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A Cigarette For A Smile

By Chris Wood

The two brothers walked the damp sidewalk in the early evening on a Saturday night. Both smoked cigarettes and dressed with light jackets, as the time of year and temperature called for it. Parked cars, strewn along the cracked curb, paid no attention to the yellow paint and fire hydrants’ warning – taking their threat as insipid. The buildings along the road were dark and looked unoccupied, however, the whole city wasn’t in the same dilapidated state. People passed the two, as the two passed people, with the same frequency as leaves falling from a tree in the early fall. One of the two brothers took a drag from the cigarette, exhaled, and continued the conversation:

“…It’s called, ‘The Hunt,’” he spoke.

“Oh yea,” the other brother said, while flicking the ash from his cigarette.

Although the two bore the same last name, many would argue that based on physical appearance alone, there was no resemblance. Their builds, tall and rail like, were the same, but one had blonde hair, while the others was a dark brown. There was just less than two years between them.

“It’s in two weeks. It used to be a fox hunt, I don’t know how many years ago, but now you go there, rent a piece of lawn, eat, drink, and bet on horse races,” the dark haired brother said.

“Sounds cool,” the other brother, who had the nearly two years on his younger brother, replied. “How much?”

“It costs 60 dollars total,” the younger brother said, painfully stressing the word “dollars.”

“Yikes! Which town is this in?”

“Far Hills.”

The two ceased the discussion to make way for a particularly attractive girl to pass between them.

“Hi,” the younger said, and smiled.

The girl smiled back, but continued to walk by with her vision directed toward the wet sidewalk, and not the two young men. The two looked at each other, then back at the girl. It began to drizzle again.

“So what’s going on with Stephanie?” the older asked after their attention drew back to what was in front of them.

Before the younger of the two could answer, they came up to a cross street where a man, who was clearly homeless, sat back on the sidewalk. Because the man’s back was pressed against a building with a small overhang, the man was slightly sheltered from the rain. When the two were parallel to the man, on the younger brother’s left side, the man spoke: “Do you have a cigarette?” His head was protected from the cold and damp by a black ski cap and his beard had the color of sprinkled salt and pepper on a table.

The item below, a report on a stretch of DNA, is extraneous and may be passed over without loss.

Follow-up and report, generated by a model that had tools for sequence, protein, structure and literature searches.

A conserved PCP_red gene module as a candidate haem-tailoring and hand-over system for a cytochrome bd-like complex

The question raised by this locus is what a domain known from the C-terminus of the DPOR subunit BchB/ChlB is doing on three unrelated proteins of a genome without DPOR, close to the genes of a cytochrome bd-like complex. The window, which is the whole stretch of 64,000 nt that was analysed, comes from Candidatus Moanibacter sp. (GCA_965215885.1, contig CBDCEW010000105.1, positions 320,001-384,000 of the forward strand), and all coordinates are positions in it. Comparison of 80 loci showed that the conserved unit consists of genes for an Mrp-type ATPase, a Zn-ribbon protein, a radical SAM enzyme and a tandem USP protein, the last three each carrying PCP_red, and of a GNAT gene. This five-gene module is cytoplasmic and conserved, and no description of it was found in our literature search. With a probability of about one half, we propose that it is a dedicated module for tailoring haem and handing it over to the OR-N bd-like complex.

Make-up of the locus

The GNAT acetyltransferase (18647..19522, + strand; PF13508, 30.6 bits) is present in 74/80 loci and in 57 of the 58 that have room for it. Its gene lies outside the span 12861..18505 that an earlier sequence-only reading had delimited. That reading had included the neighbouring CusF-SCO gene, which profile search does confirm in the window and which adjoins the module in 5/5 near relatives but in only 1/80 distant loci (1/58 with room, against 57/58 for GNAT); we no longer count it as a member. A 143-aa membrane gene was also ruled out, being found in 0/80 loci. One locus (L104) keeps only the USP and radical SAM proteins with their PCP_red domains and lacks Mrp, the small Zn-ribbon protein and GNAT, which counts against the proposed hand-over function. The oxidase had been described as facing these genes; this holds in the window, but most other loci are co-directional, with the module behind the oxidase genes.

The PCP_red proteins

The younger of the two brothers placed the cigarette he was currently enjoying in his mouth and winced his left eye to protect it from the curling smoke exuding at the orange end. He placed both hands into his pockets, searching for the pack. When he found them, he flicked the bottom of the soft pack with his index finger so that part of the filter of one cigarette protruded from ripped opening at the top of the pack. He extended his hand with the pack and leaned in toward the man. “Here you go,” his voice sounded strained because of the lit cigarette still in his mouth. “Do you need a light?” The younger asked.

“No, no. I got one,” the man responded with a smile.

With that, the older of the two dug into his pocket and pulled out a cigarette. “Here you go,” the older brother said.

“Thanks,” the man said, placing the second cigarette into his right hand, where the other one was.

The two continued to walk, stopped for a moment at the crosswalk, and then continued across the street. While crossing, the older brother leaned his head back, inviting the drizzle to land upon his face. The younger one flicked his cigarette off to the side of where they were walking and placed his hands out, palms up, feeling the light rain roll between his fingers.

“It must be hard to be homeless,” the younger brother said.

The older brother nodded. The two spoke no more until they reached their friend's apartment. He had just moved in a few weeks prior. The two crowded the stoop to get shelter from the rain, the younger looking for the correct apartment buzzer to ring. The door buzzed, indicating an unlocked door, and the two walked in. Almost immediately the warmth and dryness of the small landing before the stairs gave their cheeks a pinkish hue. The two began walking up the stairs. Out of the rain they felt safe, sheltered, and needed. The friend’s voice called down from two flights above, “Where’s that bar you guys wanted to go to tonight?”



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